This week (April 10-16) is National Library Week and the theme, “Libraries Transform,” appropriately describes what has happened in recent months at the Huffington Library.
Since 1958 National Library Week has been sponsored by the American Library Association (ALA) and all types of libraries each April. It is a time to celebrate the contributions of our nation’s libraries and librarians and to promote library use and support.
With a new entrance and a reconfiguration of the first two floors, the structural changes to the Huffington Library are obvious. Less obvious, perhaps, are the interior transformations that have been implemented to promote and facilitate collaboration and group instruction.
“Now, on any given day, the Huffington Library is bustling with energy as students gather in groups, prepare work for presentations, create projects for classes and clubs, meet with classmates and faculty to study and learn any number of subjects and their applications,” said Sue Freymiller deVillier, director of the Huffington Library.
“As faculty, we carefully craft the curriculum to provide students with ample opportunity to learn from each other throughout their day. When they are able to work together, share ideas, and challenge each other’s thinking, they can create greater understanding than they can when learning individually,” she said.
A conservative estimate is that there are 300-plus library users on a class day, which doesn’t include visits to the IT Service Desk, campus visitors, and individual students, faculty, and staff, Assistant Librarian Vicki Crossley SS’71 said. The library is used for classes, workshops, general meetings, presentations, group study, mentor/mentee meetings, academic meetings, forums, tutorials. There are more than 100 students during evening CQ, she added.
The rationale behind these changes is reflected in the Huffington Library’s revised mission “to provide access to a wealth of resources through collaboration, instruction, and support by a caring, professional, knowledgeable, and innovative staff.”
Besides a more convenient entrance and a welcome desk on the ground level, the library has created additional collaborative space throughout the facility. There are now eight small group study rooms (with seating for four in each), two open seminar spaces, two spaces in fiction for classes, a Forum for larger meetings, and an open plan first floor to accommodate several classes at once.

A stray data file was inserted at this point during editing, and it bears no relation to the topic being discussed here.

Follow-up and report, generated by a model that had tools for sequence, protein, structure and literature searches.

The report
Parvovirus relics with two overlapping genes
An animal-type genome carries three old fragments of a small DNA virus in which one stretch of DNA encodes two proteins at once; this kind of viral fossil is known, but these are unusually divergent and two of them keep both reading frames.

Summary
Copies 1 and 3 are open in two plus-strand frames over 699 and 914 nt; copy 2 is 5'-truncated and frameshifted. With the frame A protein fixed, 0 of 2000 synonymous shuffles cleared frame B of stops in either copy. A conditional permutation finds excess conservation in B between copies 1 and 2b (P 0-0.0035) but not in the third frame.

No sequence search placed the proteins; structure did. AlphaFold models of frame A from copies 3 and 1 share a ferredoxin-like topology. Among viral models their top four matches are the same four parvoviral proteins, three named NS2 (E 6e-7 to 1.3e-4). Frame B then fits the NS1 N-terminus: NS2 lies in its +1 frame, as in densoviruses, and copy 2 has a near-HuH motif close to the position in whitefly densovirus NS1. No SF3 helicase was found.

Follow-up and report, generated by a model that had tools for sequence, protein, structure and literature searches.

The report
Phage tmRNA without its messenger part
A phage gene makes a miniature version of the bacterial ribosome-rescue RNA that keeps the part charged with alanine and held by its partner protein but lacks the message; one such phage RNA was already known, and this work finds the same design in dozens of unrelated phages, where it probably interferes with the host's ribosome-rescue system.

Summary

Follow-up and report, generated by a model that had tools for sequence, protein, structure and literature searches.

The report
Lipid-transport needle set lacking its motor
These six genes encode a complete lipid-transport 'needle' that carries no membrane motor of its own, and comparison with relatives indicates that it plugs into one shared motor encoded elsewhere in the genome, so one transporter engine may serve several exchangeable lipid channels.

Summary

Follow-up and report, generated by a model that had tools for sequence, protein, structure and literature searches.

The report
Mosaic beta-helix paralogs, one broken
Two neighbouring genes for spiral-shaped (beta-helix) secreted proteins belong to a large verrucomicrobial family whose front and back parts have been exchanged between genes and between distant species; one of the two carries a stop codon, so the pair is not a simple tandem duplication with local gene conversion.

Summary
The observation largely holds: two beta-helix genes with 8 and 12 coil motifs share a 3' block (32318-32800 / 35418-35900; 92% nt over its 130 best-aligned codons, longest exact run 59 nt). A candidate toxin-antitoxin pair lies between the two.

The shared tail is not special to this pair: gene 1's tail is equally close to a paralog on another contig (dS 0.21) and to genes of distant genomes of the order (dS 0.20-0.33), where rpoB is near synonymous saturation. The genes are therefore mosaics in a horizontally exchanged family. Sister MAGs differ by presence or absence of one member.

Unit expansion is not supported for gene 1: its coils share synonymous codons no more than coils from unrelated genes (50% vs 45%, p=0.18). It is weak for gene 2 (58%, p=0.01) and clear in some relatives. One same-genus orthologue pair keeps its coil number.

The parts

With the increase of digital and electronic sources of information, the periodical room was replaced by the Forum – an enclosed meeting space with seating for 30-plus that can be reconfigured for classes, clubs, and special events.
There are still books, rest assured, since print resources still play a critical and unique role in student research projects at Culver. The library was overbuilt with shelving for 100,000 volumes; the collection, at its largest, was 55,000, Freymiller deVillier said. The collection was pared down and consolidated to create collaboration space and easier access by integrating the reference collection and moving fiction from the first floor to the second.
Books aren’t going away. “We take great pride in building a quality collection of titles to support curriculum and more,” Freymiller deVillier said, adding that though technology will continue to change, the access and readability of an actual book remains unchanged.
Campus visitors, Crossley noted, continue to enter the library and make a bee-line to the large first-floor windows looking out on Lake Maxinkuckee. Along the way, they now traverse a corridor of portrait and still-life artwork gifted to the Academies by Michael Huffington ’65.
That is just one of the Huffington Library changes typified by the 2016 National Library Week proclamation that reads “libraries and librarians are looking beyond their traditional roles and providing more opportunities for community engagement and delivery of new services that connect closely with patrons’ needs.”
That community engagement and new services can be found throughout the Academies’ student-filled Huffington Library.